Irritable bowel syndrome (IBS) is sometimes called the syndrome of elimination. When all else fails and all the tests come back inconclusive then it must be IBS.
This is one of the most frustrating issues to have to deal with. Inflammation of the colon can come in many different forms. People have “flare ups” when things are really bad and they have all the symptoms to having periods of remission for months to years. Then you have those who have inflammation all the time.
There are different types of irritable bowel syndrome.
IBS-C this is the one that causes constipation. Everything is dry in the colon. There is no rhyme or reason why the colon doesn’t want to move. This can create pain, nausea, stomach infections, lack of appetite, depression, anxiety, and fatigue from wanting to go to the bathroom but nothing happens. The colon hardly is up for wanting to work.
IBS-D this is the diarrhea type. The colon is over active and doesn’t know when to stop. Some times this condition can be due to over growth of foreign bacteria in the gut. The good gut flora is little to non-existent in some of these cases. Other possible explanations could be that the inflammation is so bad that the colon tries to dump whatever is in there and doesn’t want to have anything to do with the inflammation. This can also create symptoms of unpleasant gas, bloating, anxiety, depression due to that fact that you have to plan your day around where the bathrooms are or what can you eat so that way you don’t have to rush to the bathroom every 4-5 minutes.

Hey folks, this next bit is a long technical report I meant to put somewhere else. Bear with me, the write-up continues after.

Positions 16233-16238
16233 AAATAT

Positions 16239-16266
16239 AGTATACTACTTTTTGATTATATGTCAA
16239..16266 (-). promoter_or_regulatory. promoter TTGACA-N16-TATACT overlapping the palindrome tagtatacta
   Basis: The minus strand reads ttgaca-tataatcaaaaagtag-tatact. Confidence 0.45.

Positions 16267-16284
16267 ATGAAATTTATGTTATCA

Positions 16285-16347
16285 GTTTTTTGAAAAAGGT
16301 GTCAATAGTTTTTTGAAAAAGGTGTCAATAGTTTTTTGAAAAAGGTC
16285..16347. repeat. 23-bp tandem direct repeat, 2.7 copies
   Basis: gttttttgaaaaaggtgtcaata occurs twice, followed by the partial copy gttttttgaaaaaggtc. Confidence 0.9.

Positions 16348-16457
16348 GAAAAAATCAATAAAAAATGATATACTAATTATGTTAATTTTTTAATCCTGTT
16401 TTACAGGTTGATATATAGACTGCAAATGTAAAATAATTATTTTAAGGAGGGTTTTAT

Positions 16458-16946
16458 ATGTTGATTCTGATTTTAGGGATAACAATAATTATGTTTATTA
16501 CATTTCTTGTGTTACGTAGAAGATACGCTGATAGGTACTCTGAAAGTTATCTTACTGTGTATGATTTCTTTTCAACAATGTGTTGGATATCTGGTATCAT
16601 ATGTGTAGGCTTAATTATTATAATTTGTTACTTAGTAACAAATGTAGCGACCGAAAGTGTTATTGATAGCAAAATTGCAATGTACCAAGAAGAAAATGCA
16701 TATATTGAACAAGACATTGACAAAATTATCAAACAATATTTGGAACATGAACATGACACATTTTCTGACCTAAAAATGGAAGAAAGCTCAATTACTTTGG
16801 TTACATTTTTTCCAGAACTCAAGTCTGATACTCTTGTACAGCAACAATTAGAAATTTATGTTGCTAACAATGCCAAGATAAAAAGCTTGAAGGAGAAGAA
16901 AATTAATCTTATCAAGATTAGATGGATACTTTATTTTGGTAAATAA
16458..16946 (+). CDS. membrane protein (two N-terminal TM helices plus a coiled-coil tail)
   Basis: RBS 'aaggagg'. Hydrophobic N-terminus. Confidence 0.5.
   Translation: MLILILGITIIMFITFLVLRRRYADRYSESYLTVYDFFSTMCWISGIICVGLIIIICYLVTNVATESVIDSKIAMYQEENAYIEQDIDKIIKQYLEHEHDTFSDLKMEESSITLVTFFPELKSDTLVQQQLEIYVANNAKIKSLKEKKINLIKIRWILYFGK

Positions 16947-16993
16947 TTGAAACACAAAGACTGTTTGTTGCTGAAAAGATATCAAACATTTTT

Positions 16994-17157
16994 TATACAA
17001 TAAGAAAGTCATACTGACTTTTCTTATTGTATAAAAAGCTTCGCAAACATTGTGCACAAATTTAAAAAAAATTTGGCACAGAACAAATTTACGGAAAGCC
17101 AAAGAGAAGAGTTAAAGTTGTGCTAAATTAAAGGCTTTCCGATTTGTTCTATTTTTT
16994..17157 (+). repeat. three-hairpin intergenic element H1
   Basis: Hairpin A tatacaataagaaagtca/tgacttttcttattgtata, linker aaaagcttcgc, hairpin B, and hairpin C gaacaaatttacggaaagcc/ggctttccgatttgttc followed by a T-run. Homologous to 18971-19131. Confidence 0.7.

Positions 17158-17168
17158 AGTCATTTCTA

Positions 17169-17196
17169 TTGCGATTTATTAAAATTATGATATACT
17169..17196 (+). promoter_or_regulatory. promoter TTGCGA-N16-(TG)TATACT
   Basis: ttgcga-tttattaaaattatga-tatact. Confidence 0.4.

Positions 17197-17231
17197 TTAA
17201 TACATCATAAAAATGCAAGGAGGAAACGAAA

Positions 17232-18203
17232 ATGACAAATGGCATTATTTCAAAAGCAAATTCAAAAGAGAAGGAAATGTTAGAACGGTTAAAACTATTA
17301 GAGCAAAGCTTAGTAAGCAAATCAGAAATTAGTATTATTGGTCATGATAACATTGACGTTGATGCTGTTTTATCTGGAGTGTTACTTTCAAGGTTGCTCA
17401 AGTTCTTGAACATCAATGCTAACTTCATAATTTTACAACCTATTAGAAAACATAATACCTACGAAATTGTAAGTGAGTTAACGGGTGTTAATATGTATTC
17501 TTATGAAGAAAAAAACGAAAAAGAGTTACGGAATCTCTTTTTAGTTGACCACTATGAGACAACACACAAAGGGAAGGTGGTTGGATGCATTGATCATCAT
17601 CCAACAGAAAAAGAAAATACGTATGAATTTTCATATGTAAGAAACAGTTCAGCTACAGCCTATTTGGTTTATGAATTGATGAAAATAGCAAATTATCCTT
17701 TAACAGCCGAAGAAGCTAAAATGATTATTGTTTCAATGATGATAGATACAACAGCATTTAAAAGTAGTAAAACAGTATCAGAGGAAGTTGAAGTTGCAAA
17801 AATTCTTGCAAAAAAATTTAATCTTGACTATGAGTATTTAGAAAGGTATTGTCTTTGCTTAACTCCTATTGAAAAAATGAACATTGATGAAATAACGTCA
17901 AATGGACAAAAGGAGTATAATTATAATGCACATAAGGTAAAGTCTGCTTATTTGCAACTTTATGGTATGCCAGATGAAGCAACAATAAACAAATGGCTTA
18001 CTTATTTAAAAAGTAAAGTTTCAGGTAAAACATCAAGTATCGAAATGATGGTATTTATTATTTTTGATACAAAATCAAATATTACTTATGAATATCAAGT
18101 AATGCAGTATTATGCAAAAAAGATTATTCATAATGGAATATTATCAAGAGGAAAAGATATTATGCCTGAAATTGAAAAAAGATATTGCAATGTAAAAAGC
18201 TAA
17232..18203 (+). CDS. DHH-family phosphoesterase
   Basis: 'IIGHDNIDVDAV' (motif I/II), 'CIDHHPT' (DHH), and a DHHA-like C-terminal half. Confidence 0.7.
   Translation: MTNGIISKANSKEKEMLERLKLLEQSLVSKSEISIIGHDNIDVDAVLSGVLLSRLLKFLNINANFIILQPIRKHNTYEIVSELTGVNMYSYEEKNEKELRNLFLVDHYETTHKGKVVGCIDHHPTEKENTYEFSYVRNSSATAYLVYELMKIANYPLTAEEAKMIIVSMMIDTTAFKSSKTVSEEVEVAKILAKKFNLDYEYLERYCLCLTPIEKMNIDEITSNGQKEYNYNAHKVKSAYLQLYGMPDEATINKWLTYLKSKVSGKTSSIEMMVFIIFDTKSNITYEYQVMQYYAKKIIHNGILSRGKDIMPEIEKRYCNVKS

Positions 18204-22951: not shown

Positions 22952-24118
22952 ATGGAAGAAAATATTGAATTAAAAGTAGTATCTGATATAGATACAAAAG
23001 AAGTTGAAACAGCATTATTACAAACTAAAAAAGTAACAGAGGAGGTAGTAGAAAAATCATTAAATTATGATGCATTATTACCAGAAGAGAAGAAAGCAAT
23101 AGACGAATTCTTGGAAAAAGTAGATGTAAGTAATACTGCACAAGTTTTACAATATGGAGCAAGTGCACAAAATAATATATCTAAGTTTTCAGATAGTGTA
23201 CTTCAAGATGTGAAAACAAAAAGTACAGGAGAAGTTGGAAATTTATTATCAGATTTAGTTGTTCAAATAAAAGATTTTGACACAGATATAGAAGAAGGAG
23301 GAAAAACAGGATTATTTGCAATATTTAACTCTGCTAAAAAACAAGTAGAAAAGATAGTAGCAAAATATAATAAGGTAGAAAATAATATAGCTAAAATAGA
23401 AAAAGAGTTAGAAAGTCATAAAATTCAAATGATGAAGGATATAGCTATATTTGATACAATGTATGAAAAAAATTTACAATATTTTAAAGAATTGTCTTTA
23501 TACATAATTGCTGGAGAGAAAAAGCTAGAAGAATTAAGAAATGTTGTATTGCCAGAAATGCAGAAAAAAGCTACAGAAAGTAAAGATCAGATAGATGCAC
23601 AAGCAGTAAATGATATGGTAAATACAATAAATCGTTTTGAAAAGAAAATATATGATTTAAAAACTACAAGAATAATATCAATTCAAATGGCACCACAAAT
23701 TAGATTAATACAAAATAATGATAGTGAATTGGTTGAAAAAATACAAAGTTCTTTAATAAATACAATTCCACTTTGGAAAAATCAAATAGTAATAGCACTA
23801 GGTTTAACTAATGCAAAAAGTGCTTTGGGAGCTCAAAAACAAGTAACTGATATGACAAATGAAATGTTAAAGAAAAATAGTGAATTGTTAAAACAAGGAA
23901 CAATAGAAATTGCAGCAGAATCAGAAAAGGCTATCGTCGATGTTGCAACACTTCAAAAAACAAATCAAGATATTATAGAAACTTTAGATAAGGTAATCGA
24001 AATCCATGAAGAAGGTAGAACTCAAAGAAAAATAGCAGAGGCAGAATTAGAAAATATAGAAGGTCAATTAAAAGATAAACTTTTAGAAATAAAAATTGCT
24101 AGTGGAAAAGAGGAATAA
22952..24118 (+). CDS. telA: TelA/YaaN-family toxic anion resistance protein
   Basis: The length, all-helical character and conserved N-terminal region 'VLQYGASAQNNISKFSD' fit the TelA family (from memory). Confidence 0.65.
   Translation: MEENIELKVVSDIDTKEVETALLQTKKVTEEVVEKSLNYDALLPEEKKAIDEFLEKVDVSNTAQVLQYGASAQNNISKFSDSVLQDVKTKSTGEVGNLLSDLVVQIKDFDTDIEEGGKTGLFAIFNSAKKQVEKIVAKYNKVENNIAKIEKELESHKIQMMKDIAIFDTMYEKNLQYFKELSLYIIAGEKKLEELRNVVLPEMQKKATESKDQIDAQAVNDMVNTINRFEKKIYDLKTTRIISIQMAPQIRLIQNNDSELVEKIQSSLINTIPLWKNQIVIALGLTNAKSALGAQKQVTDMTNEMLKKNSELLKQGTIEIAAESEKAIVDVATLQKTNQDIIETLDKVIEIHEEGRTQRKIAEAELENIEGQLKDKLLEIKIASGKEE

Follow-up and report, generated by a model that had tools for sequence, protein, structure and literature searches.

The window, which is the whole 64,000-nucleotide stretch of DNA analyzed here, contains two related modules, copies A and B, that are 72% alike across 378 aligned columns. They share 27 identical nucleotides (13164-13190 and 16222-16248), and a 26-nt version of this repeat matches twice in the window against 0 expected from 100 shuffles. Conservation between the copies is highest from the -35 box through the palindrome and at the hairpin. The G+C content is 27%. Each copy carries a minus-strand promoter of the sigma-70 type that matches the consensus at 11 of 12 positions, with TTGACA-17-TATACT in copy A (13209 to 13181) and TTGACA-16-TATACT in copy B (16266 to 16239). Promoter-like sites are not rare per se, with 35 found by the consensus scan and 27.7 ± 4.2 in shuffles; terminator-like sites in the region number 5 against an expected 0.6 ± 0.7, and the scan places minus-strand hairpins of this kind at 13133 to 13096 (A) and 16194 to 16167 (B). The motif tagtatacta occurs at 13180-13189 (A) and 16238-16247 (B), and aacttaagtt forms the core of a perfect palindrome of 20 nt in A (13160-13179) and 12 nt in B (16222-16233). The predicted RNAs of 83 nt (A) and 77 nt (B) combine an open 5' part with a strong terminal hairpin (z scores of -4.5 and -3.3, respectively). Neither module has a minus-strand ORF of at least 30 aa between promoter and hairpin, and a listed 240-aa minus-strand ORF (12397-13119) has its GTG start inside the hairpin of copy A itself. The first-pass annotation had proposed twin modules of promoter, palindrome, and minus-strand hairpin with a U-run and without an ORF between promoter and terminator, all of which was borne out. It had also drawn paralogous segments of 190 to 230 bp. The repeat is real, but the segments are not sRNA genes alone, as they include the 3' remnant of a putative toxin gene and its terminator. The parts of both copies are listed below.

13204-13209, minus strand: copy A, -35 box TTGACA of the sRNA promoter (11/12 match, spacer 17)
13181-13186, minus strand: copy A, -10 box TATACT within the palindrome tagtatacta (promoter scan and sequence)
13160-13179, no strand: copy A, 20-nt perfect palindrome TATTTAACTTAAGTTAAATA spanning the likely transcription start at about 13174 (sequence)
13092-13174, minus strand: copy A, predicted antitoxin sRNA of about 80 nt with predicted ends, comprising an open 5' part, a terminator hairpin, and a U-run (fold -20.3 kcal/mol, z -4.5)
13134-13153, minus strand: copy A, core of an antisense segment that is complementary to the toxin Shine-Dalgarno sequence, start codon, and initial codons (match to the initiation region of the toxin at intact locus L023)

IBS-B (I classified this one) which is alternating constipation diarrhea. This is the type that there are good days and bad days. There is less anxiety or depression but when the colon decides to “flare up” it could last from hours to days.
There is still debate about if people have Celiac’s Dz or gluten sensitivity. Called non-celica gluten sensitivity. Many people say they feel better after being on a gluten free diet.
Dr. Doug Seidner MD stated that not much is known about gluten sensitivity and if maybe there is another component to wheat, rye, and etc. that is creating the gluten sensitivity. Dr. Seidner estimates that 9 out of 100 people could have gluten sensitivity.
A lot of the symptoms can be the same gas, bloating, pain, fatigue, low libido, headaches, joint pain are just a few of the symptoms.
If you were tested for gluten sensitivity and the test came out negative there is still a chance of a person having gluten sensitivity. If the symptoms still persist. It takes 21 days for the gluten to be eliminated from the body to really see how a person feels.